Attenborough Nature Centre
21st June 2014

Four members spent an excellent day in hot and sunny weather on this, our first club visit to this reserve on the outskirts of Nottingham. There were still many warblers in song, and we had Blackcap, Chiffchaff, Whitethroat, Sedge Warbler, Willow Warbler, Garden Warbler, Reed Warbler, Cetti’s Warbler and Grasshopper Warbler – sequenced in descending order of numbers heard/seen -from 18 Blackcaps down to a single reeling Grasshopper Warbler. Target birds such as Red-crested Pochard and Egyptian Goose were seen within the first 5 minutes. We enjoyed watching a recently fledged family of Kestrels with at least 3 young from the main hide. We also watched an enterprising fox from the same hide. It must have caught a very well developed Black-headed Gull chick on one of the larger islands. It then proceeded to swim back to the mainland carrying its prey over a distance of at least 250 yards! We couldn’t help but feel that it deserved it for the effort made! There were Common Terns still breeding and huge numbers of Canada and Greylag Geese. We recorded a total of 64 species – and reckoned we fully deserved out tea and cakes at the cafe before our trip home. This may have been our first trip here, but it certainly shouldn’t be our last.

North Cave
3rd July 2014

Only four of us managed this trip on what turned out to be a warm but overcast day. It started well with a Hobby spotted soon after entering the first hide. Other raptors included several sightings of what was probably the same Kestrel, and at least 3 Buzzards. Once again the Black-headed Gulls seem to have had a bumper breeding season with over 400 juveniles attended by even more adults. Wildfowl have also done well with broods of Mallard, Gadwall, Tufted Duck, Shelduck, Shoveler and and Greylag Goose evident. Also on the pools were broods of Little Grebe, Great Crested Grebe, Coot and Moorhen together with Common Tern and Oystercatcher chicks being fed. While having lunch on benches at the back of the reserve, two of us managed to hear and then get excellent views of a Corn Bunting – a target bird for our visits here. Waders were represented by a few Redshanks, 2 Little Ringed Plovers and at least 5 Avocets together with a good number of Lapwings. Other highlights included a Kingfisher early in the day and then an adult Mediterranean Gull spotted from the last hide. The lack of sunshine meant that the usual butterflies and dragonflies were few and far between but a total of 58 bird species were recorded.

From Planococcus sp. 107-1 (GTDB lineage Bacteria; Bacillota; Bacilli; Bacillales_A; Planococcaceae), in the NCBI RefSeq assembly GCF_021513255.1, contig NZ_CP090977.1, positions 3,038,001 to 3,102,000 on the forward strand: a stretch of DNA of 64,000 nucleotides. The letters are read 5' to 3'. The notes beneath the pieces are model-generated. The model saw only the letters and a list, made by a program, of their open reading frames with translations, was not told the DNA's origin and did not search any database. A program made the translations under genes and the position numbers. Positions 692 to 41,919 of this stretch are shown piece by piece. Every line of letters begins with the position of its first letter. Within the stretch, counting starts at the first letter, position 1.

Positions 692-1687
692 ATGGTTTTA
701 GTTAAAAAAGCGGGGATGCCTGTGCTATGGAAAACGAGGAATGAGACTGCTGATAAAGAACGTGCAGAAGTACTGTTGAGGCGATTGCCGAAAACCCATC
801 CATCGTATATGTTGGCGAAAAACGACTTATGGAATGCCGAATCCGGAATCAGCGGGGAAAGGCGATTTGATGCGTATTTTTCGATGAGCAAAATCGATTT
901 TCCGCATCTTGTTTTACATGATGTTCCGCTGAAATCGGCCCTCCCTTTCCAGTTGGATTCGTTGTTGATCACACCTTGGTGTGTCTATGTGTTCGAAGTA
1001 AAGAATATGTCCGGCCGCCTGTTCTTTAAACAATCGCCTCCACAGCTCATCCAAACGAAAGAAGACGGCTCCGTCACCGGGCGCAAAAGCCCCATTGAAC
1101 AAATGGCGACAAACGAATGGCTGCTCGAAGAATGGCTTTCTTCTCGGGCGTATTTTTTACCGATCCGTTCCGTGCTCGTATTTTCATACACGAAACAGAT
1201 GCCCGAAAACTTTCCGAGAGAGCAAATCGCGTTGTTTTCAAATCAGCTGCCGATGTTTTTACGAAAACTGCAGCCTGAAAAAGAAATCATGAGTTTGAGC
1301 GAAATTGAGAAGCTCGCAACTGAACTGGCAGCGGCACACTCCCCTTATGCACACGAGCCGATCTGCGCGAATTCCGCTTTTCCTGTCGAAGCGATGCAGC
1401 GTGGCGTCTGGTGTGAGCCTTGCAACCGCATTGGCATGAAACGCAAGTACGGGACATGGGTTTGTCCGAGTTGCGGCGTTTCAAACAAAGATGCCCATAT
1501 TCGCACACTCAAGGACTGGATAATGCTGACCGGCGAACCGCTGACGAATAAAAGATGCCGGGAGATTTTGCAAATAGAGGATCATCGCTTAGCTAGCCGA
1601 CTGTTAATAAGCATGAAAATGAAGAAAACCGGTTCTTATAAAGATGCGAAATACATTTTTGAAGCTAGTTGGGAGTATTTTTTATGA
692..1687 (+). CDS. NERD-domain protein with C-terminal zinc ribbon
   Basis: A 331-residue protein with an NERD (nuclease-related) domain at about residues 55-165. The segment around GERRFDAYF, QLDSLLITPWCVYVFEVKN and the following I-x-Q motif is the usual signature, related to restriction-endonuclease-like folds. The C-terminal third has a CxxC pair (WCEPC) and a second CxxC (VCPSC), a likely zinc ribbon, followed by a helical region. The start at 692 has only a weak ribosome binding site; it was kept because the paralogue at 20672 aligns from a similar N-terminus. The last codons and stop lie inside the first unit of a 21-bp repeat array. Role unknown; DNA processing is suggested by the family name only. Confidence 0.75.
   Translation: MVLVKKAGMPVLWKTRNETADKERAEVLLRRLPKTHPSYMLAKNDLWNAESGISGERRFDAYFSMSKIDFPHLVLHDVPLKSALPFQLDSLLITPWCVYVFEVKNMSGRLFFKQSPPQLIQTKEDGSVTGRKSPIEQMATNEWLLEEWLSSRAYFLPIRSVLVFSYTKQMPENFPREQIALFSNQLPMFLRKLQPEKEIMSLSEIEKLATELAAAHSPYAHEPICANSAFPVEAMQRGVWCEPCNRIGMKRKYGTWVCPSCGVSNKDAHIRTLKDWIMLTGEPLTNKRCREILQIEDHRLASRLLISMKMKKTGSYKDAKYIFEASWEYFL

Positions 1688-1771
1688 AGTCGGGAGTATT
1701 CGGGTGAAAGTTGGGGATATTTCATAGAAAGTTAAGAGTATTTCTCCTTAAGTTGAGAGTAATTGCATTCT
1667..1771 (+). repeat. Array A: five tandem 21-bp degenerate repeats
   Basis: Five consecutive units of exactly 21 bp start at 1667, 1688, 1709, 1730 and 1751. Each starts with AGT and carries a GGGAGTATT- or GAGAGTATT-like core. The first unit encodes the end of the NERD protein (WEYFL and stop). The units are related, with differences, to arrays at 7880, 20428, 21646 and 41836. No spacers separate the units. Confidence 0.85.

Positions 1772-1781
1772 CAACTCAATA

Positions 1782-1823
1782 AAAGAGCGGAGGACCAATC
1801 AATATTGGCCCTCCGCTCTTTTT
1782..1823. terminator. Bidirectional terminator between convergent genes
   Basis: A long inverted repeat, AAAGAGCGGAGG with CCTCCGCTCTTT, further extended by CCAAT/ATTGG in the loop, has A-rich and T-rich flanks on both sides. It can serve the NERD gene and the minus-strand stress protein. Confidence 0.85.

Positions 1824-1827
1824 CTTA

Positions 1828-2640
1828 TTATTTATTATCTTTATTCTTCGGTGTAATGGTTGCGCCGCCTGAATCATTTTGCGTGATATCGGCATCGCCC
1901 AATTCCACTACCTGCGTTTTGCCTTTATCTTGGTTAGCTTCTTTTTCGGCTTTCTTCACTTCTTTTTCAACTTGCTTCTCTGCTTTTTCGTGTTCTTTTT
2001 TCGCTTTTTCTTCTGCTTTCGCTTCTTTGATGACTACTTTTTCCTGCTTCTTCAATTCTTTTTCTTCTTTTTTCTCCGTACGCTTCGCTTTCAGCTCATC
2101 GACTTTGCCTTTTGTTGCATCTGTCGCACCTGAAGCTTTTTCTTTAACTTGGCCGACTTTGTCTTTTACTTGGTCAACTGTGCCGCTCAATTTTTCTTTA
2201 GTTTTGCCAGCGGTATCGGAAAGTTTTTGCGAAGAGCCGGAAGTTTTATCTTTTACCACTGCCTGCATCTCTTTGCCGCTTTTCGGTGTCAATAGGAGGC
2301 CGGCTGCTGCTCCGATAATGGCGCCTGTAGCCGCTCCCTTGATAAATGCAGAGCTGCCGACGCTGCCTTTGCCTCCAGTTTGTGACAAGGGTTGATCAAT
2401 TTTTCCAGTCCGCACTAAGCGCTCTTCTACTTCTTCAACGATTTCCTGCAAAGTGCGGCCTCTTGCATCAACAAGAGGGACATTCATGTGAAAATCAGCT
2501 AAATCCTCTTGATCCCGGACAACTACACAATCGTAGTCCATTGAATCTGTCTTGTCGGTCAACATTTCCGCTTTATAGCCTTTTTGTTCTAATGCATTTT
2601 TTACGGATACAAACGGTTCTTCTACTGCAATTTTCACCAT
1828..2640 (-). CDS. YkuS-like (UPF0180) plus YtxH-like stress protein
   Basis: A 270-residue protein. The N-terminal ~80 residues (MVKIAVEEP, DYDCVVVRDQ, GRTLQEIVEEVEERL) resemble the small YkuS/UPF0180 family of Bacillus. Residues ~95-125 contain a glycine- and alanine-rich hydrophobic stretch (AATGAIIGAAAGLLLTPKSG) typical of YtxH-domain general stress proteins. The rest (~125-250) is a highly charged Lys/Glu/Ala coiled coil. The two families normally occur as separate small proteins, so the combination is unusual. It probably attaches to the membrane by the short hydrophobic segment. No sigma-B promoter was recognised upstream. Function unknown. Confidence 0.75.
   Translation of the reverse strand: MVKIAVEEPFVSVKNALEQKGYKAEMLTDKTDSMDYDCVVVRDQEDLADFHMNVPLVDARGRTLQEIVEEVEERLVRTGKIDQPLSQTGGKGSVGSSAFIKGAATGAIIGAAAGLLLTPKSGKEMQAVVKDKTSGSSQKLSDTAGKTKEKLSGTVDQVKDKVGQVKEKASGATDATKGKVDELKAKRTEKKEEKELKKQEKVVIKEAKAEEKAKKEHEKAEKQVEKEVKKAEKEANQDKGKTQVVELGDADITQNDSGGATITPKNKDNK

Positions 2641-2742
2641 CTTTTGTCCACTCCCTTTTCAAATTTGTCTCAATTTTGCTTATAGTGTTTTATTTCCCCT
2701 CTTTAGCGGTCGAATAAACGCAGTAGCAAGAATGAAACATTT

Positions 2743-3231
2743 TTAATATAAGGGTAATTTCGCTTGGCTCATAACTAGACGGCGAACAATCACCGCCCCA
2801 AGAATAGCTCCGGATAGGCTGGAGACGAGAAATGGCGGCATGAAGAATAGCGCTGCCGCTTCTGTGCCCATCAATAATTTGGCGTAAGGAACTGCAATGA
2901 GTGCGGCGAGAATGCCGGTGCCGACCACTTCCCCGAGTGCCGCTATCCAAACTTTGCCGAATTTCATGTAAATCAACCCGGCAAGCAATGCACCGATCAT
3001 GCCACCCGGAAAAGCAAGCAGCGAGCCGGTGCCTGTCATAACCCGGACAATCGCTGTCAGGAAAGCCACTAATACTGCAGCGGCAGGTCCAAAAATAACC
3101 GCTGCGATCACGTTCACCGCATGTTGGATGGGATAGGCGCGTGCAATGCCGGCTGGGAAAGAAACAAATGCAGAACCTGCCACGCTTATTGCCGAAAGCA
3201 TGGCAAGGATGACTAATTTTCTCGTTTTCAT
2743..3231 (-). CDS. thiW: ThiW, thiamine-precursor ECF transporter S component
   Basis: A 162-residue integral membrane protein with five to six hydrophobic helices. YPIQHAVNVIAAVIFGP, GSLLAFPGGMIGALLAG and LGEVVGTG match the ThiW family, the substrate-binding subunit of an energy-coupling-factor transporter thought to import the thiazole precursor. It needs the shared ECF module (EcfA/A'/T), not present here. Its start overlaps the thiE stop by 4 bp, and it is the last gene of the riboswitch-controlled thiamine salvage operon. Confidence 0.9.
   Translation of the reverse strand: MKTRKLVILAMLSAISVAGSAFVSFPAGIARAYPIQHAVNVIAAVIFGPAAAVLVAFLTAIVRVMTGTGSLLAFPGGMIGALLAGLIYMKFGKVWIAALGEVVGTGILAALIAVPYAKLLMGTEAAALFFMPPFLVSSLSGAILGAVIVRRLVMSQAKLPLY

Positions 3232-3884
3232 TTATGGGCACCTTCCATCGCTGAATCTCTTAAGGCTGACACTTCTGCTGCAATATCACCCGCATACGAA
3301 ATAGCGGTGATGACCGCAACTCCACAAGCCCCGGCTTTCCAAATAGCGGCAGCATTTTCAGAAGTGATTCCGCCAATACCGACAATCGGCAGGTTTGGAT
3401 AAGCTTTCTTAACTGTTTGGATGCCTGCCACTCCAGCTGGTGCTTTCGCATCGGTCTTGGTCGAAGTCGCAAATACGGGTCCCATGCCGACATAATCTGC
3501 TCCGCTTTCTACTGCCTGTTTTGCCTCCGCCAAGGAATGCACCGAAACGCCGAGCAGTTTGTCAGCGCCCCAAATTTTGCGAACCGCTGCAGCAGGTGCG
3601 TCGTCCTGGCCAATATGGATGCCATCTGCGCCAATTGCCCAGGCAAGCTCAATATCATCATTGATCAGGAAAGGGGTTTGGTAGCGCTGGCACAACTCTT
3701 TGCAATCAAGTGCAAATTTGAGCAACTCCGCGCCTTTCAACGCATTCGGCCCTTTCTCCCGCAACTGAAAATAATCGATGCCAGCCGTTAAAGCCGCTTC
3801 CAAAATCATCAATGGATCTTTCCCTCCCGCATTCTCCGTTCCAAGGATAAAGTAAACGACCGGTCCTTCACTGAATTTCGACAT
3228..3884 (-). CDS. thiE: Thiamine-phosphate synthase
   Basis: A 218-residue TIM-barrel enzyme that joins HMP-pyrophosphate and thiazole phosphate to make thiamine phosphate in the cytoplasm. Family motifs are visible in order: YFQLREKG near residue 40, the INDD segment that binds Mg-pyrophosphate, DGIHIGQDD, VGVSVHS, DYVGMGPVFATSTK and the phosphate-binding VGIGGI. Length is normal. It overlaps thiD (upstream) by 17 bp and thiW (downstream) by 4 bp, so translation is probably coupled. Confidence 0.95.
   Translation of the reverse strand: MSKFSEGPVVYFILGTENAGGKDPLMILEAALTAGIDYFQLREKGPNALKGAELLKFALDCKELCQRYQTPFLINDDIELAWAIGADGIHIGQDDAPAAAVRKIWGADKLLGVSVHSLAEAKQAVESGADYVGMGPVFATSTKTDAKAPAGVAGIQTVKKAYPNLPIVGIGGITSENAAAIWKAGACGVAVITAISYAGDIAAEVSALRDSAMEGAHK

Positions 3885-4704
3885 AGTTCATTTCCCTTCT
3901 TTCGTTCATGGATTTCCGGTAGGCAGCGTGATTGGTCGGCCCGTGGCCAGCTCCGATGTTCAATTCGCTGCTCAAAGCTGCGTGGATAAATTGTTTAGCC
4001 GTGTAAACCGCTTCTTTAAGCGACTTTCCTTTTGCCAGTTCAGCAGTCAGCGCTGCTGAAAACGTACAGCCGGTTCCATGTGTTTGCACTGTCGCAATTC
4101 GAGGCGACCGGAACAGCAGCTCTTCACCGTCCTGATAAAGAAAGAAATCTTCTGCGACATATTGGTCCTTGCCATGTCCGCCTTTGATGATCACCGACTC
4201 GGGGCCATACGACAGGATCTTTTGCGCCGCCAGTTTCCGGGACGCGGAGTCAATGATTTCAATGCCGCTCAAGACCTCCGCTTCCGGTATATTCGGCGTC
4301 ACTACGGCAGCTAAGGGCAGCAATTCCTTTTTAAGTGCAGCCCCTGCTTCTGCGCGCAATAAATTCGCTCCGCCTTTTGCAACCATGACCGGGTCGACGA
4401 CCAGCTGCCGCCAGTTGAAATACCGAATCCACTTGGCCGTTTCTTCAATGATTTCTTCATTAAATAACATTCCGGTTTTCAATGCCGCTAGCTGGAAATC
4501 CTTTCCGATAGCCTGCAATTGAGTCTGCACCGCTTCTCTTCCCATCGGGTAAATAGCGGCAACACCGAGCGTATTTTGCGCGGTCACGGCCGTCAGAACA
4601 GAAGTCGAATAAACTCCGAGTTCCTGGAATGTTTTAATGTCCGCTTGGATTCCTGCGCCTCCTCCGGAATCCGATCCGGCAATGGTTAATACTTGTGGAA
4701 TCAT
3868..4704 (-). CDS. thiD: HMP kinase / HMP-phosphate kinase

Norfolk Weekend
20th-21st September 2014

Six members made the trip to the north Norfolk Coast for our second weekend trip of the year.

Together with three guests we convened at RSPB Titchwell at 9:00 on Saturday morning, where the early arrivals were greeted by a very loud Cetti's Warbler in the car park. Later some of us had excellent views of Cetti's and we recorded at least 4 during the day. Before reaching any hides, we heard the Bearded Tits' "pinging" call and a few of us had excellent views. The reserve seemed to be relatively unscathed by the storm surge of Autumn 2013 although the mussel beds on the beach seemed to have been hard hit. We had good views of Water Rail from the first hide, where we also recorded Little Stint and Curlew Sandpiper with the regular waders. Both Black-tailed and Bar-tailed Godwits were recorded and some of us had excellent views of one of each, next to each other, from the path to the coast. In such circumstances, they look so different! In total we recorded 17 wader species. We also had excellent views of a Spoonbill which flew back and forth over the reserve at least twice! In total we recorded 67 species during our visit.